City litigators uttered a collective sigh of relief as legal professional privilege (LPP) was upheld in the judgment of the highly-anticipated Eurasian Natural Resources Corporation (ENRC) case against the Serious Fraud Office (SFO).
The decision has wide-ranging implications for businesses and litigators alike as to what information from internal investigations is protected by privilege, after the Court of Appeal today (5 September) ruled the ENRC is not obliged to disclose a series of documents which had been requested by the SFO.
Simmons & Simmons senior partner Colin Passmore told Legal Business: ‘This is incredibly good news for privilege. At long last we have some serious pushback on the previous ruling. Litigators across the City will no doubt be saying “Thank goodness, but why did it take so long?”’
Mining giant ENRC had argued that documents it prepared during an internal investigation should not be disclosed because they were covered by LPP, but a May 2017 High Court judgment from Justice Andrews ruled there was ‘a recognised public interest in the SFO being able to go about its business of investigation and prosecuting crime; and the sort of evidence which one would expect to be found in the disputed documents is likely to be of considerable value to its current investigation.’
At the time, an ENRC spokesperson said the company would appeal the decision ‘because the effect of this judgment is that a party who wishes to consult a lawyer in relation to an SFO dawn raid or criminal investigation is not entitled to the protections afforded by litigation privilege’.
ENRC was subsequently granted a right to appeal in October 2017, which led to today’s judgment in the Court of Appeal.
Also welcoming the decision was Clifford Chance litigation partner and president of the London Solicitors Litigation Association, Julian Acratopulo, although he noted that the Court of Appeal passed on the opportunity to make judgment on the separate issue of legal advice privilege. That issue dates back to the 2004 Three Rivers case, and who specifically in a company constitutes “the client” and can therefore be protected by privilege.
He told Legal Business: ‘The ruling on LPP is very important because it underpins the entire legal firmament of this country. While the court has given some useful guidance on the legal advice privilege, ultimately it said it should be left for the Supreme Court to determine.’
Herbert Smith Freehills disputes partner Julian Copeman agreed with Acratopulo’s assessment, commenting: ‘It’s a good judgment but it’s an opportunity missed to put a nail in the coffin of the Three Rivers decision.’
The judgment noted change was needed on the issue of legal advice privilege, but conceded it would be better dealt with by the Supreme Court: ‘In the modern world… we have to cater for legal advice sought by large national corporations and indeed multinational ones. In such cases, the information upon which legal advice is sought is unlikely to be in the hands of the main board or those it appoints to seek and receive legal advice.’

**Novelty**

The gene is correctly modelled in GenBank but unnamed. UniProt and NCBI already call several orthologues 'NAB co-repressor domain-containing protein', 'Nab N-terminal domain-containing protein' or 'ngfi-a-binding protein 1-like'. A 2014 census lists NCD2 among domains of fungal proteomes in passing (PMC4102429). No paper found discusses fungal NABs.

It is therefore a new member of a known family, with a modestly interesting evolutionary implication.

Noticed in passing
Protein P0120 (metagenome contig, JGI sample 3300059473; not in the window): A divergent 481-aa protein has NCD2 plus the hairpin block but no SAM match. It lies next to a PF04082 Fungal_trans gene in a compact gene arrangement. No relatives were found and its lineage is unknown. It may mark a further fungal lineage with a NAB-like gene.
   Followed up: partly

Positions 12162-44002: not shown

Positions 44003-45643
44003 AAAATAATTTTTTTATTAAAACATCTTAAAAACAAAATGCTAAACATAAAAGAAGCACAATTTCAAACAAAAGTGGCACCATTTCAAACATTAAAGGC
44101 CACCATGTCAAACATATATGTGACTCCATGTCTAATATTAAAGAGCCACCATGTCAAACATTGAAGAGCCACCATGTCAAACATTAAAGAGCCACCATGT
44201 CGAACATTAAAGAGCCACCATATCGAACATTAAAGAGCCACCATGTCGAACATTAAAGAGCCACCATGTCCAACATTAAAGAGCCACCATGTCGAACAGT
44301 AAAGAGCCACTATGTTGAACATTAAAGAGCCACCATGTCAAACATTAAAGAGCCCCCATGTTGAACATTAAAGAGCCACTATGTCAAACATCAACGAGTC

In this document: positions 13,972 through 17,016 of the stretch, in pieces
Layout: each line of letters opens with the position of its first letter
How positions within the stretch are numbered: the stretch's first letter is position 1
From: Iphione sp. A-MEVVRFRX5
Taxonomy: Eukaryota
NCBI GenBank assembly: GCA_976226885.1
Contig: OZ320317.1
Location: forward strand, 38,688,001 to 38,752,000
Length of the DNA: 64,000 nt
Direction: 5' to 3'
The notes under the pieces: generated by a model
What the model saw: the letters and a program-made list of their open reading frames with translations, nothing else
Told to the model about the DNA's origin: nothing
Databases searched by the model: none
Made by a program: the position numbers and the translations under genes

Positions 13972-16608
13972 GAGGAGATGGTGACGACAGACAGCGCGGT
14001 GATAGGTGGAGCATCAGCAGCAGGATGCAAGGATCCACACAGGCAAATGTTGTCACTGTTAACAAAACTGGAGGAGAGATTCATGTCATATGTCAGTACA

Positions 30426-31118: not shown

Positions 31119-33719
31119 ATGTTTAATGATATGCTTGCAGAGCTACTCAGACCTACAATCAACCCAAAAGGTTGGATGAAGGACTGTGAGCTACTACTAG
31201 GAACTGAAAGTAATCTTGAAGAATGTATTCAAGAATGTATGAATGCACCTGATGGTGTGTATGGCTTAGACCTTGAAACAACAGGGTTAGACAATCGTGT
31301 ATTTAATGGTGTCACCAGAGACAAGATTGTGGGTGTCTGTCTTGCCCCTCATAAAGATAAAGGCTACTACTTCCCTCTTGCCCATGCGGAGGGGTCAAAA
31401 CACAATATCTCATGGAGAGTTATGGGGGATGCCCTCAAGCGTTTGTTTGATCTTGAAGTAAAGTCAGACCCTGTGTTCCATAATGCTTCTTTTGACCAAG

ENRC was represented in the case by Hogan Lovells partner Michael Roberts, who instructed Bankim Thanki QC, Tamara Oppenheimer and Rebecca Loveridge of Fountain Court Chambers. ENRC had previously been represented by Signature Litigation and its founder Graham Huntley, but Hogan Lovells took over the mandate in May 2017.
In addition to the privilege ruling, the case brought to light allegations from ENRC that Dechert partner Neil Gerrard had leaked confidential information to the press in July 2011 to expand the scope of the SFO’s investigation.
ENRC had enlisted Dechert and Gerrard in 2011 to assist in self-reporting ahead of the SFO probe, but the company alledges Gerrard arranged for privileged information to be passed on to The Times, which wrote an August 2011 article which led to the initial approach from the SFO.
ENRC said it was pursuing legal proceedings against Dechert and Gerrard. The relationship between ENRC, Dechert and Gerrard had already been soured after the mining giant claimed to have been overcharged last year.
In February last year, the High Court ruled that the ENRC will be able to have £11.6m bills assessed, after Master Rowley noted that Dechert’s billing estimates were ‘considerably awry on every occasion’.
A Dechert spokesperson said the firm defended its work and denied what it called ‘unfounded’ allegations: ‘We stand by the work we did and look forward to the opportunity of defending it in open court. We note that the criminal investigation by the Serious Fraud Office into ENRC is continuing and deplore ENRC’s attempt to discredit that investigation by seeking now to publicise unwarranted allegations against Dechert and its personnel.’